He returns to the home he shares with Lestat to find that he's brought the little girl back with him, alive. Appealing to Louis' compassion, and to convince him to stay with him, Lestat turns the girl, making her a vampire, and names her Claudia. Louis resents Lestat for this, but comes to love Claudia as his own daughter. He and Lestat dote on her and shower her with luxurious clothes and dolls and Claudia grows into a talented killer, using her child-like charms to lure her victims. Lestat is proud of his apt pupil but, though time passes, Claudia remains a little girl immortal. When she finally realizes she can never grow old and look as other women do, she becomes furious. She demands that Louis tell her how she came to be and, after hearing the story, blames Lestat for her condition. She tells Louis that it's time for them to leave Lestat and devises a plan since Lestat would never let them go. On the basis of a truce, she fools Lestat into drinking 'dead blood' from two boys she overdosed with laudanum. Having fed from the dead, Lestat is incapacitated and Claudia slits his throat. She and Louis take Lestat into the bayou and dump his body in alligator infested waters.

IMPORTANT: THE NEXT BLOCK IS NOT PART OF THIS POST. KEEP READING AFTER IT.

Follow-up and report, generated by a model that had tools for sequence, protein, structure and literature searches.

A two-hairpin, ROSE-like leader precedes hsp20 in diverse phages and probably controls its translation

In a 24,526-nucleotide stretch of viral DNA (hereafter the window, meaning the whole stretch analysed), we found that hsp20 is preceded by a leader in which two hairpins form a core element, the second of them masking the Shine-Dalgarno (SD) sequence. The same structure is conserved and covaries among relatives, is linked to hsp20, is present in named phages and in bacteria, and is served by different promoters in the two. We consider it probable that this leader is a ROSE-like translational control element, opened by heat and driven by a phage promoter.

They return home to pack, intent on leaving for Europe to start a new life, but Lestat returns, decrepit but alive, having fed on alligators and other animals in the swamp. He attacks Claudia for having been "a very naughty little girl" but Louis sets him and their home on fire. Louis and Claudia flee and make it to their ship in time to see the whole neighborhood aflame. They travel through the Mediterranean and across Europe seeking other vampires but never finding any. Eventually, they settle in Paris and, one night, Louis encounters a vampire named Santiago (Stephen Rea) who taunts him before meeting Armand (Antonio Banderas), a seductive vampire who theorizes that, after 400 years, he must be the oldest vampire in the world. Armand invites Louis and Claudia to live with him at his coven, the Thèâtre de Vampires where vampires pretending to be humans pretending to be vampires stage horror shows for humans, though they actually feast on unsuspecting patrons. Claudia is disgusted by their cheap theatrics but Louis is drawn to Armand by his charm and wisdom.